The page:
It seems sometimes as if Jesus asks too much, and that Jesus doesn’t want us to have any fun.  But fun and godly living are not mutually exclusive!  We don’t have to tease others to show that we care about them.  We don’t have to brag about putting something over on someone else in order to be respected by a third.  That kind of respect isn’t real.  What comes from posturing is empty.  Of course, people might use it to gain something in this world.  We’ve seen that happen, but we’ve also seen loss in its use as well.

“Jesus,” we cry, “it’s too much, what you ask.  If we do things the way you say, people will walk all over us.  They’ll take things from us.  They’ll make us think we’re doing the right thing, but we’re just teaching them a better way to cheat us.”

Is it too much to treat another with respect that they did nothing to deserve?  A young person in the cafeteria line?  A young musician on the scary stage?  A lonely person on the bus?  A person who caught your eye?  Someone whose hands are dirty?  Is it too much to treat another with respect when you don’t have any idea what that person has done or neglected to do?  What about when you know they’ve done something awful?

What is respect?  Is it not a form of the love we are called to share with our neighbors?  Is it too much that we are called not just to follow the rules, but to love our neighbors, to love those who differ from us?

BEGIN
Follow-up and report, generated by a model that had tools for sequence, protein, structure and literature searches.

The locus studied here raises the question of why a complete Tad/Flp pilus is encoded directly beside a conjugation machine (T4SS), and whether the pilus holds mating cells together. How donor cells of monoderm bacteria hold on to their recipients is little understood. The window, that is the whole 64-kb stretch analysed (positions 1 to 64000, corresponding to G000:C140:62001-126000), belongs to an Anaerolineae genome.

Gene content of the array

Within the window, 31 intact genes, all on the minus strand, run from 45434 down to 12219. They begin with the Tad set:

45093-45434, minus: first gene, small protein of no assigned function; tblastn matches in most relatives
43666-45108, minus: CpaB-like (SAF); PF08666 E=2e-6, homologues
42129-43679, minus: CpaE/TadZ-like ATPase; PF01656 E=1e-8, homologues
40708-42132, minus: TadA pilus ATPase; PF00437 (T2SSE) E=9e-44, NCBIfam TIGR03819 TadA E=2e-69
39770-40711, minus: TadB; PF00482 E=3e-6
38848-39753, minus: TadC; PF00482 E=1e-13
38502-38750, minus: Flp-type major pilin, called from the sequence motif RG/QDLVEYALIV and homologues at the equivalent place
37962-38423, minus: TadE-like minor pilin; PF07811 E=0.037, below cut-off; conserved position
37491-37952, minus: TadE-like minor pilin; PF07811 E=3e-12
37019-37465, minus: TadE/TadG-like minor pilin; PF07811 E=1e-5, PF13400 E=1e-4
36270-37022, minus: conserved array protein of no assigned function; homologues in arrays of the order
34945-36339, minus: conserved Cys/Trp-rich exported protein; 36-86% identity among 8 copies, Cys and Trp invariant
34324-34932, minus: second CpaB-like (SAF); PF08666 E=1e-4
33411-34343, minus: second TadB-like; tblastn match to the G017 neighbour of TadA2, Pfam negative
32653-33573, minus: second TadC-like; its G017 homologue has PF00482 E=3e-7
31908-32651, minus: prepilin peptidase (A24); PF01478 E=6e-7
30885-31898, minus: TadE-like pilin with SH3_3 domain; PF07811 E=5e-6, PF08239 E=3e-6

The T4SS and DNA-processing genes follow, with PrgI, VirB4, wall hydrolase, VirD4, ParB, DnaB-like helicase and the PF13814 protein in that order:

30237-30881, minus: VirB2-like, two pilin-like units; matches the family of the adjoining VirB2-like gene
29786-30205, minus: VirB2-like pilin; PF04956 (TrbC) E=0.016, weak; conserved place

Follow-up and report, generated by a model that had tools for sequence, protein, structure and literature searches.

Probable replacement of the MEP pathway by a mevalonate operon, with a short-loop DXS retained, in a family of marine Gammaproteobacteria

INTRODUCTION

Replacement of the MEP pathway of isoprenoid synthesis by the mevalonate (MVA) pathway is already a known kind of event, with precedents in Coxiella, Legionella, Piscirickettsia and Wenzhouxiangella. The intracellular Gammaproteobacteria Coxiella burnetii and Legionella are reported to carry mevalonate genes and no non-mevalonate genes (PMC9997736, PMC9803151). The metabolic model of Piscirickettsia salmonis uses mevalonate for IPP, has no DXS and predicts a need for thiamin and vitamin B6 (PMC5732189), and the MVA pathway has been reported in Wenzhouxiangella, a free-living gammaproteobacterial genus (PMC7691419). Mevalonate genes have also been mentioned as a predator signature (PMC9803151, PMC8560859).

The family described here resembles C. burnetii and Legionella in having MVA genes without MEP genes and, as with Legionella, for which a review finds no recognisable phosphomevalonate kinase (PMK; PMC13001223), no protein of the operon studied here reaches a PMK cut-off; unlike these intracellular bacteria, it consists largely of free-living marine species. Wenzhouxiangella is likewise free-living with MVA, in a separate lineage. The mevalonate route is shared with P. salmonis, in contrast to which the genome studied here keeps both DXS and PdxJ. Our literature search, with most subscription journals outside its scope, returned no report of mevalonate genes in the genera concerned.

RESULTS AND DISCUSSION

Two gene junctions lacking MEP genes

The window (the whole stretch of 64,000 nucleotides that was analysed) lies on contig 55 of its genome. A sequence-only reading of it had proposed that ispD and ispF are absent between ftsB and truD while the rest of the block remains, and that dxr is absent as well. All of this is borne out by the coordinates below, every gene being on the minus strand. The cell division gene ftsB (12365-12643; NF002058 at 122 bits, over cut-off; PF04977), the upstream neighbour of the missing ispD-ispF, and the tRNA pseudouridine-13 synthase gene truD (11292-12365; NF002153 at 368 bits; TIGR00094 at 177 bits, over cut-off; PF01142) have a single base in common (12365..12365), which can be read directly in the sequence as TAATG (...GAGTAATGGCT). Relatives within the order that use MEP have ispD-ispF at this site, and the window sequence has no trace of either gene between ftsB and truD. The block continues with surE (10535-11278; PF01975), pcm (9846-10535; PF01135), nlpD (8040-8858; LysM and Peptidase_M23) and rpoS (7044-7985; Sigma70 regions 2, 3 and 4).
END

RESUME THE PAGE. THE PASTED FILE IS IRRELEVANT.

What about what Jesus has given to and for us?  Is that too much?  Is it too much that Jesus lived and died to make God’s love known to us?  Is it too much that he rose again and continues to encourage us?

What is too much? 

The commercial said, “We are the good we make.”

I’d like to turn that around.  It’s not really we who  make the good, it’s God who makes the good.  God washes us clean and sends us forth.  So let’s think of it this way:  We are the good God gives to this community, and to the world.  Sometimes being the good is rather difficult.  Sometimes, it’s very simple.  Being the good God gives, I believe, is never really too much.  In Jesus’ name.  Amen